Some Misconceptions Regarding The VA Loans


VA Loans Guidelines

VA Loans Guidelines

Being a part of the military does entitle you to some really nice benefits and facilitations; one of which is the access to the VA home loans. These loans are available at very little to no down payment at all and millions of people have benefited from these in order to build their dream houses.

VA Loans cover financing as well as refinancing of mortgages and the credit guidelines can be altered to a great extent as per the user’s requirements. It is very unfortunate that many people who are entitled to these loans, do not opt to go for them because there seems to be a lot of misconceptions out there regarding the VA Loans. One of the biggest reasons behind this is that the rules and regulations regarding the VA Loans are subject to change and modifications based upon the feedback received from the users.

Let us now take a brief look at some of the biggest misconceptions regarding the VA Loans that are so prevalent nowadays.

The Biggest Misconceptions

The first and foremost misunderstood fact about the VA Loans are regarding their criteria of eligibility. People often tend to think that only those people can apply for the VA Loans who are currently serving in the military. On the contrary, anyone who has had a military career longer than 6 months are eligible for these loans.

The only requirement is that this six month window should be between 1964 to date. And the second biggest misconception is that people think that getting a Certificate of Eligibility makes certain that they would become entitled to the loan. That is certainly not the case. In order to qualify the applicant needs to prove that he has a good history of paying back his/her debts and has a reliable source of income.

One more thing that is very important to note here is regarding the funding fees.

A nominal amount of around 2.15% is required to be submitted as a one time payment. This is thought to be more expensive than the private mortgages, but in truth it is considerably less if you look at the figures in the long run. Private mortgages usually charge around 1 %, but those are the annual payments that need to be made.

There are also the perceptions that the VA Loans take a longer time to process than the normal house building loans. But there is no evidence available to support this supposition. Much like any other loan, the VA Loan applications are also processed within the month and the administrative body does not have to step in very often. Although the acceptance of an application is dependent on the private lenders but still the closing time is fairly acceptable.

And finally, it is quintessential to point out that there really is no real estate agent out there who is an expert in VA Loans. So it is advisable that you do not waste your time and money by going to them for consultations. Your best bet would be to look at a private lender who deals exclusively in VA home loans. These people generally have the most knowledge regarding the matter and can guide you better.

A seller can legally refuse to sell a home to a buyer for any reason they choose, including the type of loan a buyer is using to acquire the loan. Although it does not seem to make sense in a strong real estate market, some sellers choose to decline Offers that include the Veterans Administration (VA) loan financing.


Most buyers believe that if they bid near or at the selling price, the seller will naturally accept the offer. However, the selling price is just one of the considerations that a seller takes into account when considering the offer Of a buyer. Most marketers base the value of an offer on the amount of money they will receive once the sale is completed, or on their sales network. If an offer is at full price but comes with costs And additional charges, may be a lower offer than another that is for less money, but comes with lower costs.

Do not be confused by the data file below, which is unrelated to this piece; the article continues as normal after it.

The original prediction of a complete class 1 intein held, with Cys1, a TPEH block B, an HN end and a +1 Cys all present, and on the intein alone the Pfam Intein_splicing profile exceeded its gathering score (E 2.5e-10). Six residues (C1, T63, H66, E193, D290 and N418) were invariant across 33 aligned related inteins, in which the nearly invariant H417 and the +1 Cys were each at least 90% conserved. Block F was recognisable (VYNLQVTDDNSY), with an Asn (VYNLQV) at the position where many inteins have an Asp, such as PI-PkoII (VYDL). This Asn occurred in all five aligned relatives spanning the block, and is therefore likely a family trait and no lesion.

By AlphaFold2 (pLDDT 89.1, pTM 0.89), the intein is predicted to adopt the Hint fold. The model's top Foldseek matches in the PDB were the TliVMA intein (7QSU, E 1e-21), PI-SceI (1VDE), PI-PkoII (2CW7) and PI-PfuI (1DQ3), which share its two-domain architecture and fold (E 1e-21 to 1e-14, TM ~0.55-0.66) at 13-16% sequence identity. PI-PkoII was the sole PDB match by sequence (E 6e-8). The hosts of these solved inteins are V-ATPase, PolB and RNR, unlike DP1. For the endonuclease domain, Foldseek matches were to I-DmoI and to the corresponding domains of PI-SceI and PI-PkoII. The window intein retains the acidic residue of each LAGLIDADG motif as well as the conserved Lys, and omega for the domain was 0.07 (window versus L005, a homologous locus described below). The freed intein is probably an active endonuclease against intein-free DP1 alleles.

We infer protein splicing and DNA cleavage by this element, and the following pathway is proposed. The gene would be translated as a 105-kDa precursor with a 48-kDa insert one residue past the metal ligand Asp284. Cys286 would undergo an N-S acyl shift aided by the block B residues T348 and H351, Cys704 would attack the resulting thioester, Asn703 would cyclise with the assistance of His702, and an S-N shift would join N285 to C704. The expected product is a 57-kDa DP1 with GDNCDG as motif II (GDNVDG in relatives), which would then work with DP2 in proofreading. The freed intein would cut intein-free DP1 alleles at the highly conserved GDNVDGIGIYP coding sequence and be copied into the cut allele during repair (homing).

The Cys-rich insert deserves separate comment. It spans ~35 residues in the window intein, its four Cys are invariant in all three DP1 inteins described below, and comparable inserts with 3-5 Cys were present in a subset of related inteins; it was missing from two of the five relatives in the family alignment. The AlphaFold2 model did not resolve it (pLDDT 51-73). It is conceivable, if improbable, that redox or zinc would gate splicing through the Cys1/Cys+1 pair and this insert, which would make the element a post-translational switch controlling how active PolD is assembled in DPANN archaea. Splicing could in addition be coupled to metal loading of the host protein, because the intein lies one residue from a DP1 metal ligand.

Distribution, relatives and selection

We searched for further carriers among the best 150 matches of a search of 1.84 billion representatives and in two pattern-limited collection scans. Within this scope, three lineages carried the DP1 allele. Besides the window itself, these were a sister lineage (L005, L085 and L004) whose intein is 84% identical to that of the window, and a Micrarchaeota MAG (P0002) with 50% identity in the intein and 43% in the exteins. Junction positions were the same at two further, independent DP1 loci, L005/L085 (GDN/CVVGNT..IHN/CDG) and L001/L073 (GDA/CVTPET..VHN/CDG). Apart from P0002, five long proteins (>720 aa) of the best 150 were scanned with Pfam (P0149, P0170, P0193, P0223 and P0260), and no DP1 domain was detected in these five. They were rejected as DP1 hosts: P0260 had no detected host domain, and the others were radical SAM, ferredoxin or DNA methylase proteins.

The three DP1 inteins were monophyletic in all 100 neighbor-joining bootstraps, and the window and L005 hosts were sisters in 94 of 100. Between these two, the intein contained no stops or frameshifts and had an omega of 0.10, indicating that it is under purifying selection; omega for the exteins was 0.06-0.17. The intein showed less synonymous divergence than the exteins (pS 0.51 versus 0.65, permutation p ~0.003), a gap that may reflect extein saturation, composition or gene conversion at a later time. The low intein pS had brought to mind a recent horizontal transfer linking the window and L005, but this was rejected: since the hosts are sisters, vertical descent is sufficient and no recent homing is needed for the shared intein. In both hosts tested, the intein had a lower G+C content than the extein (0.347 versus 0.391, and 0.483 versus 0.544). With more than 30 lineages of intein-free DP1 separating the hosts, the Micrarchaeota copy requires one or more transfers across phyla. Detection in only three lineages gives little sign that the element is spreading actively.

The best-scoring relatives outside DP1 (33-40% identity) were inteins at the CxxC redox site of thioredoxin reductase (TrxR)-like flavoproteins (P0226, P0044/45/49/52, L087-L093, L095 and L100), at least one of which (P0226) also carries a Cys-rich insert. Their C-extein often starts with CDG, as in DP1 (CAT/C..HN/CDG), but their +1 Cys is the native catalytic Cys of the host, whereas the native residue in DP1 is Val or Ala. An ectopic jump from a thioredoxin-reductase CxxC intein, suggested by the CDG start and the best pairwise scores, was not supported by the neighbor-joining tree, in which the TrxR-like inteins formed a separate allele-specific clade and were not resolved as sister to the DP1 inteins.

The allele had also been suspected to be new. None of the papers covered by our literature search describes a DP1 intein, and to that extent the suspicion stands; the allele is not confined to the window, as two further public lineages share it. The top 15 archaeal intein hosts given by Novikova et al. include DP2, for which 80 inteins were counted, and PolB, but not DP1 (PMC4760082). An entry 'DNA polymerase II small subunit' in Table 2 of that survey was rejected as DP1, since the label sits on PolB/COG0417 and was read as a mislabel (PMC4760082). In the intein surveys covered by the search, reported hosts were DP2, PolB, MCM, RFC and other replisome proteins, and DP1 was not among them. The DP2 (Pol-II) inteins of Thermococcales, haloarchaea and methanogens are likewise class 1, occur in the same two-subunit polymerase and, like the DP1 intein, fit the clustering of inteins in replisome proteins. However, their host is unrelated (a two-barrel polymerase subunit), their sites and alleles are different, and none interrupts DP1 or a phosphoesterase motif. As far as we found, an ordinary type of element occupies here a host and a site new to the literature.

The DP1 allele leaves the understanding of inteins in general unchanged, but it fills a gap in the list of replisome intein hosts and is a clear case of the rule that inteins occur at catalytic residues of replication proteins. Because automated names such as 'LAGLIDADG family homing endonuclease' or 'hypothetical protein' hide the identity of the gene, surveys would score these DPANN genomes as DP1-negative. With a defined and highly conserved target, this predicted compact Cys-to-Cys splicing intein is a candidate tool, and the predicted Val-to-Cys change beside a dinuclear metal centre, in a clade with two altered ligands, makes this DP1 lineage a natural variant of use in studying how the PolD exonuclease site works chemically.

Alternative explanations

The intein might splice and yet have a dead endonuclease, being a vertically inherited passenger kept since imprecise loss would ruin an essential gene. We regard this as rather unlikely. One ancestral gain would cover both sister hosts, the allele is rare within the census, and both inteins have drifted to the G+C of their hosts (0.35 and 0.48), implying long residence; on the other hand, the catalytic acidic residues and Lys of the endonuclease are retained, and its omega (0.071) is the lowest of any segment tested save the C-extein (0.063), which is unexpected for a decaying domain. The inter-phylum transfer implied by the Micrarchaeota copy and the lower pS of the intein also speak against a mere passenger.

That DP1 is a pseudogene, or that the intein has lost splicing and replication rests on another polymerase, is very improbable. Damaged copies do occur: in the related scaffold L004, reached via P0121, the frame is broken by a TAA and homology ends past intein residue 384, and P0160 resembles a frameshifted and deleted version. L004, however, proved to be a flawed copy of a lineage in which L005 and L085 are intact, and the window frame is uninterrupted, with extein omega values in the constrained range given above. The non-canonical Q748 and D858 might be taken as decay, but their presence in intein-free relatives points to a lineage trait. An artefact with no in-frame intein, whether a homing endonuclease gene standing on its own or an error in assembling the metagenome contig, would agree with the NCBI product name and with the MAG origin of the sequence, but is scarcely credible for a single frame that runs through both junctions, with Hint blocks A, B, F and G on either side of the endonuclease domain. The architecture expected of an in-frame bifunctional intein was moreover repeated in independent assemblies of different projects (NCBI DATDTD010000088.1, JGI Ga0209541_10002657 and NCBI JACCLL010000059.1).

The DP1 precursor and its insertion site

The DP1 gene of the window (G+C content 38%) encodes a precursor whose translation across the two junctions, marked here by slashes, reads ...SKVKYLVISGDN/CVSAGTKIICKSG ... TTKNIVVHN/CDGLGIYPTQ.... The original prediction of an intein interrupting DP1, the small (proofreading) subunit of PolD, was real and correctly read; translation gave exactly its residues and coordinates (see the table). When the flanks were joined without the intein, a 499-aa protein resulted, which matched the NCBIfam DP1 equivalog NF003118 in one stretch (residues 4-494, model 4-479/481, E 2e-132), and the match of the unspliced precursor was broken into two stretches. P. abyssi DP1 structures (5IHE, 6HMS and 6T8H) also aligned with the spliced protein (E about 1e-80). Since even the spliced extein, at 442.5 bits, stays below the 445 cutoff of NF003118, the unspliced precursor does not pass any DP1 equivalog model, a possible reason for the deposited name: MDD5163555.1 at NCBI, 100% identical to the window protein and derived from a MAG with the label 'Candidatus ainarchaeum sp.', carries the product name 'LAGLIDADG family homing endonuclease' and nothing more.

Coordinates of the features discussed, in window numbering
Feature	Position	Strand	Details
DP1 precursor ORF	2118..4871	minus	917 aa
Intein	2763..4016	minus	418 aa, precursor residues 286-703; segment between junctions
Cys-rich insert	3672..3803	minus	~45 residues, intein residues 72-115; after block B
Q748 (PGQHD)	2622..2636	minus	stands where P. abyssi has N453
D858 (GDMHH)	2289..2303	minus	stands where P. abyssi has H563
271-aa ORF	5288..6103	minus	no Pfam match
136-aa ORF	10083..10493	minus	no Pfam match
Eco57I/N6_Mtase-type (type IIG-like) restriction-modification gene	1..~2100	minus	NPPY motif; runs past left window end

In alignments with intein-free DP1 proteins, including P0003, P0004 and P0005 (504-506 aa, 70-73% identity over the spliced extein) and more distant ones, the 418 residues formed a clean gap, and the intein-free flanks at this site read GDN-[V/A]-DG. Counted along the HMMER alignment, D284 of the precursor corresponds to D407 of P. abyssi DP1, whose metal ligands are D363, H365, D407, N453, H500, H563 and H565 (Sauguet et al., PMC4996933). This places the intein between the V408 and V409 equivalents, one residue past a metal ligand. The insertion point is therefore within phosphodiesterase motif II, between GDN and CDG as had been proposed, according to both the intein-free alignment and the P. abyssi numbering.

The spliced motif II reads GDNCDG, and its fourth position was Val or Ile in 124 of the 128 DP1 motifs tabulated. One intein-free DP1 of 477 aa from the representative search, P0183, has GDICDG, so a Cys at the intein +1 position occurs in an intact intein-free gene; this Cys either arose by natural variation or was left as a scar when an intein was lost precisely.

One of the problems vendors have with VA loans is that there are closing costs that can only be paid by the seller but which other loan programs allow to pay for other parties.

These costs include common expenses such as document preparation, administrative, subscription, processing, transfer, tax service and notary expenses. This is not a big problem in areas where it is common for the seller to pay the majority Or all closing costs, but in other areas where sellers are not accustomed to paying closing costs, may cause a seller to refuse an offer.

VA Appraisal.

VA should use VA appraisers to perform evaluations on VA loans. These appraisers not only determine the value of the prospective home but also verify that the home meets the minimum property standards set by the Veterans Administration. Although these standards are not so Strict as they were before 2006, a home must still be safe, stable and sanitary.

If a home has serious problems, such as foundation problems, roof problems or structural defects, the VA will not insure the loan until repairs are made . The seller must pay for these repairs even if the buyer pays more for the home to compensate. Sellers who believe that they would have to make this kind of repair and who do not have the money or the will to do so may opt to decline an offer To avoid going through the VA evaluation process.


Many sellers who reject an offer depend on the VA financing they do because they operate under a misconception. Some believe that because VA loans are 100 percent buyer financing or the loan program is unstable.

The VA loan program is a stable program with consistent guidelines. The lack of down payment is not a reflection of the buyer’s quality. Others believe that it takes more time to close a VA loan. Actually, you need a loan agent With experience no longer to close a VA loan than a conventional loan program does, even though there are more bureaucratic procedures.